20. Well it's UHMWPE so I don't think it's subject to plugging the way a steel plate would be. It's also a lead core rather than something harder which I think affects penetration.. Also there's ballistic limit - stopping a single round of a single type/weight at a given velocity is great, but how repeatable is that fact? Can it stop such a round 50% of the time (v50) or almost every time (V0)? There's also the backface deformation (hard to judge but at least 25-30mm?). And a 4lb plate hit by a 750 grain round moving at 2400 fps is going to impart considerable energy and momentum to the body which isn't likely to be any kinder (ESPECIALLY with the aforementioned backface deformation.) Reminds me of some of the claims you used to hear about Dragon Skin. There was a similar 'test' done for something called Kryon Terminator some years back which also claimed to stop .50 cal (though it was unclear whether that had any relevance to body armor.) It's entirely possible, but with body armor there's always more to it than 'can it stop X round' (again Dragon Skin.)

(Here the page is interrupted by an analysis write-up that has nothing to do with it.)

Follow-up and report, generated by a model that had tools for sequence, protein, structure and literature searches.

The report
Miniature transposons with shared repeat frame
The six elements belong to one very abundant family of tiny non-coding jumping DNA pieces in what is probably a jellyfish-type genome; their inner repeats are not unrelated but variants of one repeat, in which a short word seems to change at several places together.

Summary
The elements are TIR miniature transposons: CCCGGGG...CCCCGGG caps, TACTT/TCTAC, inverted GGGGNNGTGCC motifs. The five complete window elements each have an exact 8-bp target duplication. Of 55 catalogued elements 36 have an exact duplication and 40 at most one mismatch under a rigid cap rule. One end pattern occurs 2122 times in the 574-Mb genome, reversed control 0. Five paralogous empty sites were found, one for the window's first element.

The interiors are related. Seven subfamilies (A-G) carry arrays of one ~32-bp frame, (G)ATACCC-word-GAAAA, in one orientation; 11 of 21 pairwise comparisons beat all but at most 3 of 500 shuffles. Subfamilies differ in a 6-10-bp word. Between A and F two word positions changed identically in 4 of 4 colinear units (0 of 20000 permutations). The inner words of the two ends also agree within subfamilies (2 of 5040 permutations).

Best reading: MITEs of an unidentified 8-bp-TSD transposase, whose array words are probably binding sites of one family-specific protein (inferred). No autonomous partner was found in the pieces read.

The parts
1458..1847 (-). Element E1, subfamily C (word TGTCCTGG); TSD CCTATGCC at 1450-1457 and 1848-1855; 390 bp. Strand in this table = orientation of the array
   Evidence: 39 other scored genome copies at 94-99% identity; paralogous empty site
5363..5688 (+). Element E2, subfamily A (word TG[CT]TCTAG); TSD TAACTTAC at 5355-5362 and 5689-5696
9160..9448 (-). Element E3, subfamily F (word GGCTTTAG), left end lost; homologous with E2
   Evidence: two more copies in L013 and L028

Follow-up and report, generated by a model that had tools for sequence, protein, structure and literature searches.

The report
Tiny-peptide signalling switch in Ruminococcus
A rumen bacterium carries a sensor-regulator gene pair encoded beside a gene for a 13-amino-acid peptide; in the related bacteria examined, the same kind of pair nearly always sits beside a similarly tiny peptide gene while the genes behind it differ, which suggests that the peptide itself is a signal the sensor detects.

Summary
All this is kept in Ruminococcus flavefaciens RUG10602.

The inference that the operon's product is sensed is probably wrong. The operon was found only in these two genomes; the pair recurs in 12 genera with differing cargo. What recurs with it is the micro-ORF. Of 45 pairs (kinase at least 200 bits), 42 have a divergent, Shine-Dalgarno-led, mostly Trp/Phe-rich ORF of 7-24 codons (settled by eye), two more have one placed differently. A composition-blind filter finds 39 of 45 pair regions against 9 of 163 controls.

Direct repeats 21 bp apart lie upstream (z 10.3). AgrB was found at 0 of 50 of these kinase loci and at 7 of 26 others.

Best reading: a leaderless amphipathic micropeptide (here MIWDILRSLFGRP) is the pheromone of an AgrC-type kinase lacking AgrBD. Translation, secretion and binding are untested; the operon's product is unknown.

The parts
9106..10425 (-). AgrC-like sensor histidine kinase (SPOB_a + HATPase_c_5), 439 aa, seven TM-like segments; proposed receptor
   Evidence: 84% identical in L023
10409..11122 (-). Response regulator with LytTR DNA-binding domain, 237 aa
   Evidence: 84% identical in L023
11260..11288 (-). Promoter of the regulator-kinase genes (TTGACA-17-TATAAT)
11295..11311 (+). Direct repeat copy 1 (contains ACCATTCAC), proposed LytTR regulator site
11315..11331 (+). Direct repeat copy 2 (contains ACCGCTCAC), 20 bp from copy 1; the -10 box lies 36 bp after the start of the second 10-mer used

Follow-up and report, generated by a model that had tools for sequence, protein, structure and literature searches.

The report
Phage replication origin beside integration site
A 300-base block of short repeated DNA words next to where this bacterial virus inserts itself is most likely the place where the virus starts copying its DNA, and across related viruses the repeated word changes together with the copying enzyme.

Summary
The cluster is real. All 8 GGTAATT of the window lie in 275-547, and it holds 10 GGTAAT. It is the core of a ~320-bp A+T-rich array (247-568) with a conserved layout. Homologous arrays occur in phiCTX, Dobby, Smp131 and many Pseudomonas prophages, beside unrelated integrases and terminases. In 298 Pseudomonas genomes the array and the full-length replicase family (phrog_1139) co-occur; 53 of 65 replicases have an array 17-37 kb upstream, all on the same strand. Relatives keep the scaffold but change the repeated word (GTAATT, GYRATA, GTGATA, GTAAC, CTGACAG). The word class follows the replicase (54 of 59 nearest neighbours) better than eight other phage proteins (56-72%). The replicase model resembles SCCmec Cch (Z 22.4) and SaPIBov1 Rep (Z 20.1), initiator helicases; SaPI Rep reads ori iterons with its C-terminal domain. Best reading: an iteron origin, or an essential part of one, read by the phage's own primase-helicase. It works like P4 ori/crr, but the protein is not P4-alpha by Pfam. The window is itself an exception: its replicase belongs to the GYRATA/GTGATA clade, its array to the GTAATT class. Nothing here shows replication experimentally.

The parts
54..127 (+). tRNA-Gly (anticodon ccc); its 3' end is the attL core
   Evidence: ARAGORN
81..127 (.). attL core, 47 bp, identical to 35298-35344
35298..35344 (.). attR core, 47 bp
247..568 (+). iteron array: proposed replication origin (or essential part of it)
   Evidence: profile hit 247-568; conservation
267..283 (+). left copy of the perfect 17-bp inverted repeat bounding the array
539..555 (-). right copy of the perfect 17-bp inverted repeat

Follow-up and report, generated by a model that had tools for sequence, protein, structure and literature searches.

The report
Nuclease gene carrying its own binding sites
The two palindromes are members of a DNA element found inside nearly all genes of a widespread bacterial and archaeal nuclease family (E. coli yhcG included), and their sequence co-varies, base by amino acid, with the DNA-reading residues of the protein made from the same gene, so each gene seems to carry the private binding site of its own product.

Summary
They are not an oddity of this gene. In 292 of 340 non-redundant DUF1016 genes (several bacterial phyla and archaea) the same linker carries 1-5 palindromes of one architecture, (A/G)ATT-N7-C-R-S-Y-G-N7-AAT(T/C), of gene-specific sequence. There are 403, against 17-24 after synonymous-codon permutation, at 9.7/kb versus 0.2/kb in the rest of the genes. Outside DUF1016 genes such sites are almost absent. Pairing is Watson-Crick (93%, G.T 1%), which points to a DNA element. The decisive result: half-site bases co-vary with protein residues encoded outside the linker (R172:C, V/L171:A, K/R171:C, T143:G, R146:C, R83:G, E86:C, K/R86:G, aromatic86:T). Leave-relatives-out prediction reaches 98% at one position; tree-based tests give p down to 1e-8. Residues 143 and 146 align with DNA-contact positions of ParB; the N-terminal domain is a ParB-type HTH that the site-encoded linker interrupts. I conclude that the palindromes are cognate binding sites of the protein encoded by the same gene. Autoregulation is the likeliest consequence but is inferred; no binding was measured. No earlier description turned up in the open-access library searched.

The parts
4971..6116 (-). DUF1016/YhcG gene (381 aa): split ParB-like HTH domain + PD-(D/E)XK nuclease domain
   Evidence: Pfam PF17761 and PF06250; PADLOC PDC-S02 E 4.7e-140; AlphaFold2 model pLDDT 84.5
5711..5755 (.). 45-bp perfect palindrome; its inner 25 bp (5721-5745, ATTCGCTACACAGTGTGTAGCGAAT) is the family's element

21. huh I've always meant to post something in this thread but never got around to it. Anyhow, to start I've read that one simple way to visualize how a railgun would work is the Jacob's Ladder: https://www.youtube.com/watch?v=bKD1wsBOo2M Kinda silly I know, but I couldn't resist. Howstuffworks has an explanation as well that I thought was good and may be useful for others: https://science.howstuffworks.com/rail-gun.htm Obviously the armature is a crucial component to railguns (I think of it as combining propellant and sabot though I'm not sure how accurate that is.). But like a sabot, it represents parasitic mass that you want to minimize and other factors. There are approximately four kinds of armatures I am aware of: solid, hybrid, transitioning, and plasma each with their own tradeoffs. A good description of Armatures can be found here along with the impact of various armatures on railgun performance: Efficiency Scaling for Railgun Armatures